Shotta scoffs at gun amnesty - Says he is a dead man without his firearm
A 20-year-old gunslinger said he will readily spend 15 years to life behind bars than hand over his .45 calibre handgun during the ongoing two-week gun amnesty.
Jack*, who purchased the firearm at an illegal gun shop in 2018 for $140,000, resides in a volatile Corporate Area community. He told THE STAR that he used his savings to purchase the weapon after gang war claimed the lives of a relative and friend.
"Right now mi choose the gun over food because mi can eat the food and a man take mi two points. A nuff time all three night mi a bleach straight without food and nuh miss it because mi life more valuable. Mi a 20 now and if mi shoulda go prison, mi a go come out by mi a 35, so mi still can make life. A three meals a day mi a go get and no work. The only thing is mi nah go can move freely as mi would hope to but at least mi have life," he said.
The amnesty took effect on November 5, following the approval of the Firearms (Prohibition, Restriction and Regulation) (Firearms Amnesty) Order 2022 by the Senate. The amnesty is slated to end at midnight on November 19. Breaches of the Act will result in penalties ranging from 15 years to life imprisonment.
Minister of National Security Dr Horace Chang yesterday said the police have not received any firearms since the amnesty was launched. Persons may hand over firearms to a sub-officer or senior sub officer on duty at any police station, any designated officer at a Firearms Licensing Authority location; or to an attorney-at-law on behalf of an individual seeking the amnesty, for delivery to the nearest police station.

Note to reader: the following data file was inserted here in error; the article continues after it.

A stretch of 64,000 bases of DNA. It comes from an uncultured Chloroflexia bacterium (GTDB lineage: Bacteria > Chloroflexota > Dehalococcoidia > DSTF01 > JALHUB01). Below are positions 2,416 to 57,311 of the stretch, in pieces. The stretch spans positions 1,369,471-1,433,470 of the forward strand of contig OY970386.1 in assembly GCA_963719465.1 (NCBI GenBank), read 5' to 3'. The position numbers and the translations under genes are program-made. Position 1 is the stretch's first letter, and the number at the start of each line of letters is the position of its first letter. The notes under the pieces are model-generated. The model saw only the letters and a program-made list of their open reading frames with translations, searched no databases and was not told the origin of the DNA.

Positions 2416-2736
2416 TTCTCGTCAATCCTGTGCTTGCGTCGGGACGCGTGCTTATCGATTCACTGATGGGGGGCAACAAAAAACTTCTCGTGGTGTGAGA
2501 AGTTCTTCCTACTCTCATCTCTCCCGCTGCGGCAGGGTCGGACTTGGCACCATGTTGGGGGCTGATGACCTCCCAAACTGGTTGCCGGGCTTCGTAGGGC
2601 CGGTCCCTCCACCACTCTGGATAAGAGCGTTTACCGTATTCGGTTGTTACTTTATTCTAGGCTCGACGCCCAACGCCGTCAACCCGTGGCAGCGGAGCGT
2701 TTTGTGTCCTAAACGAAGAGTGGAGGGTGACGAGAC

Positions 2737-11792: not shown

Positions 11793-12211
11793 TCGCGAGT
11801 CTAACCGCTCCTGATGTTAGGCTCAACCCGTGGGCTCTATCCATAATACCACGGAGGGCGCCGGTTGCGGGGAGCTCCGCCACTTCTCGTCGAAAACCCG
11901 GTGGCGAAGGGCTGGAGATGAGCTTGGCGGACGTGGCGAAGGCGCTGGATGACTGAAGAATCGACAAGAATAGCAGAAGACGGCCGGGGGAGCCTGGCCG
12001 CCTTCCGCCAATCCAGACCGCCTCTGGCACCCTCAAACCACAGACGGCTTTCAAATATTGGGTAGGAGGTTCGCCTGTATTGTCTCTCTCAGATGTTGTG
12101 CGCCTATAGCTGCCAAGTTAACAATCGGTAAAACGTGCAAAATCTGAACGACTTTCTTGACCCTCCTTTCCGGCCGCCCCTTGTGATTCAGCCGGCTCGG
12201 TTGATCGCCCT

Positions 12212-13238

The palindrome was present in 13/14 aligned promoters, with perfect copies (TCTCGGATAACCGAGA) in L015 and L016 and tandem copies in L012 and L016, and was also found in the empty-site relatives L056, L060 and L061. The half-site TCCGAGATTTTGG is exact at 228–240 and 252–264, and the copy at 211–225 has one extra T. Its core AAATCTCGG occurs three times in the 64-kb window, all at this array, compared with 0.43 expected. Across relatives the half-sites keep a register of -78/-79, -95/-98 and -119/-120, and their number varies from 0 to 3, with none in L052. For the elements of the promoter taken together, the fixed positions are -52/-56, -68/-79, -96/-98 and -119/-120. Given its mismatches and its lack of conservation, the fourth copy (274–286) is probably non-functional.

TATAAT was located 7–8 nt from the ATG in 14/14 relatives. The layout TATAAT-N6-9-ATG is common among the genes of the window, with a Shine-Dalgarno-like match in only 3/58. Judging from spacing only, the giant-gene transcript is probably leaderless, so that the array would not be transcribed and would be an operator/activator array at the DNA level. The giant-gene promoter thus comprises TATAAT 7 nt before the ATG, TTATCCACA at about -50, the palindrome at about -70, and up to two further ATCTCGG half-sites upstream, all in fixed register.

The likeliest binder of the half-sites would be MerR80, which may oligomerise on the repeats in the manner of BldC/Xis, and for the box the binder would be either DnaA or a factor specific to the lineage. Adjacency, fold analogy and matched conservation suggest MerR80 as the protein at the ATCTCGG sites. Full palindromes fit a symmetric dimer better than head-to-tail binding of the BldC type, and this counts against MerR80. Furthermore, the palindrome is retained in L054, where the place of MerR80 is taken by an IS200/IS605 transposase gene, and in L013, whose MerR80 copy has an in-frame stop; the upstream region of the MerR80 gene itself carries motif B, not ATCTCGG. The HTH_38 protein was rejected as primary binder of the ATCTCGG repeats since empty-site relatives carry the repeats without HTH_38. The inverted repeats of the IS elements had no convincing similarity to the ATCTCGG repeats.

Jack, who is a father of one, said he has never taken a life but was forced to return fire at rival gangs earlier this year after they invaded his community.
"A fi my safety why mi buy my gun, enuh. Without mi gun mi naked and is not like after we give it in dem can provide safety. Mi nuh trust the system, nobody nuh trust the system. Dem a say we can ask lawyer to carry in gun but how much a we have lawyer? Yuh nuh see say a styling ting," Jack said.
Chang said that once the amnesty expires, the full force of the law is expected to be applied to anyone found in possession of an illegal firearm or ammunition.
Jack also criticised the cash-for-guns initiative which sees citizens being paid up to $500,000 for turning over illegal firearms. He offered another solution to the crime-fighting plans.
"Mi feel like dem need to have a contract with the entertainer dem, some a di top ones, and let dem do some songs that lash out against crime and violence and bet that will work. Mi inna di music ting myself and mi know how powerful it is. Music will and can put yuh in a trance, so imagine what it can do to di youths if dem a hear good songs from dem favourite artistes," Jack said.
*Name changed to protect identity